Financial Advisory Blog

Armanino’s Financial Advisory blog is your source for thought leadership around cloud ERP and accounting solutions and integrations. Supported by the Cloud Accounting Institute and numerous experts in cloud, finance, reporting, integration, compliance, and technology, Armanino’s Financial Advisory blog features must-read content on what’s happening in the finance industry, case studies, white papers, and much more.

July 23, 2020

If employees are paid hourly, is the reduction based on their hourly rate? So, if they worked more hours in Q1 than in the Covered Period but had the same hourly rate, do we have to calculate a reduction percentage?

Posted by Armanino Financial Advisory Team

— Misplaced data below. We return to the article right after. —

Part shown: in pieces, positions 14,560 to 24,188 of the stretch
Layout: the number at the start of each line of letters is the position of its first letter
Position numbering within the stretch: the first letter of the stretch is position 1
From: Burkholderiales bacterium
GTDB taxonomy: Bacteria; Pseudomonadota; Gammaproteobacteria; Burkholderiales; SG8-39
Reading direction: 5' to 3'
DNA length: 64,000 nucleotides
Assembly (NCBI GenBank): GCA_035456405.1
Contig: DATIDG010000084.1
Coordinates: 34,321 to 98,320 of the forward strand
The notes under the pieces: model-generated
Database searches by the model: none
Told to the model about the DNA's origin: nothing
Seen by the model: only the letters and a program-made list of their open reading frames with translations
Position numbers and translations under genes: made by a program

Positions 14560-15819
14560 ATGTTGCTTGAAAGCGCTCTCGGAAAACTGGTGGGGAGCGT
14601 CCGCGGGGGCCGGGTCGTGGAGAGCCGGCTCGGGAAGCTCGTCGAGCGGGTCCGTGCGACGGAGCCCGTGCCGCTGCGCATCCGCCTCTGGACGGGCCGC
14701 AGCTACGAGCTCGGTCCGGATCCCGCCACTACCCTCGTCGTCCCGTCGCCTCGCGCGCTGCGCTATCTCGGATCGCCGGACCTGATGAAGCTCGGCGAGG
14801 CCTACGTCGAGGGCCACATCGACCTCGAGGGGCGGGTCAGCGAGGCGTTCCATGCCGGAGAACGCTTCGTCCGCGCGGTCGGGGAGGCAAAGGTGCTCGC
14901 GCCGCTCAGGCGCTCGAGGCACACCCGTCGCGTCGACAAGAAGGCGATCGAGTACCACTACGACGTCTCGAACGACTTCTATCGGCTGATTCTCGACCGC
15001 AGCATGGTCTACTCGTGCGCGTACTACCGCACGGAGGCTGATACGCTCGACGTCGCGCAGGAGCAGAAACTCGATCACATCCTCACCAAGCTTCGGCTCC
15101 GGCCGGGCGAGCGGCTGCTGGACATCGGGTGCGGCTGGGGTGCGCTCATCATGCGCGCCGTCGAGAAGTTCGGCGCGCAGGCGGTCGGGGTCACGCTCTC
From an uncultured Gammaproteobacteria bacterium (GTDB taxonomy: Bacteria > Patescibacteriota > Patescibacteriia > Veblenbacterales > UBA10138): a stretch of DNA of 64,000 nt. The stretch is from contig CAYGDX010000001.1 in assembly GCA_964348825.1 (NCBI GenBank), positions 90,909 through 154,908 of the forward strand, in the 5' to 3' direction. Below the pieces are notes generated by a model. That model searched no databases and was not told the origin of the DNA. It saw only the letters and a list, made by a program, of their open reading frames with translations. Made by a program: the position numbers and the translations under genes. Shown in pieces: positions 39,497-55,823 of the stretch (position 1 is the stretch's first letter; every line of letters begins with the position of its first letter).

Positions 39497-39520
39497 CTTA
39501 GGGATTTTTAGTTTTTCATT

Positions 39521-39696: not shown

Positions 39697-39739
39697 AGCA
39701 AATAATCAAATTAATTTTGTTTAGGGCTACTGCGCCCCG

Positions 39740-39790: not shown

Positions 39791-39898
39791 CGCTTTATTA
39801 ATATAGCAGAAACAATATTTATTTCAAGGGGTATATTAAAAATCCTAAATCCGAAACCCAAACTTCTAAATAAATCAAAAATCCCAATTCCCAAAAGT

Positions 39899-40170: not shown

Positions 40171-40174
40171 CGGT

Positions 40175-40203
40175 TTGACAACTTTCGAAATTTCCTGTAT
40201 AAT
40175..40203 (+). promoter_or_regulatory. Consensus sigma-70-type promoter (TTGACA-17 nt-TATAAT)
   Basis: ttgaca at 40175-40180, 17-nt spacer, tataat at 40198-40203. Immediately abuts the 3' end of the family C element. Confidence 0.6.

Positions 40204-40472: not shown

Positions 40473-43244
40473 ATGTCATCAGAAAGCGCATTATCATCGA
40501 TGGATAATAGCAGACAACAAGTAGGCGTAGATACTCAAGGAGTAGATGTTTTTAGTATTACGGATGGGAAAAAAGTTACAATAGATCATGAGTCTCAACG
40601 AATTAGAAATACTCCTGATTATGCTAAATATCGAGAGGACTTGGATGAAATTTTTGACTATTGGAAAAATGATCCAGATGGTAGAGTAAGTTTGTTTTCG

The Salary Reduction Factor is calculated using a reduction in the hourly rate for non-salaried employees. In your example, you would not be required to calculate a reduction percentage because the hourly rate did not decline by more than 25%. Any hourly rate reduction that is larger than a 25% reduction (meaning they were paid less than 75% of their baseline hourly rate) needs to be included in the Salary Reduction Factor calculation. The math requires that you take the amount of the hourly rate that is beyond the threshold (e.g., for a 30% cut from $20/hour to $14/hour, you would use $1/hour — the difference between the actual cut and the allowable 25% cut to $15/hour) and multiply this by the average number of paid hours during Q1 2020, then multiplying this product by the number of weeks in your Covered Period (either eight or 24).

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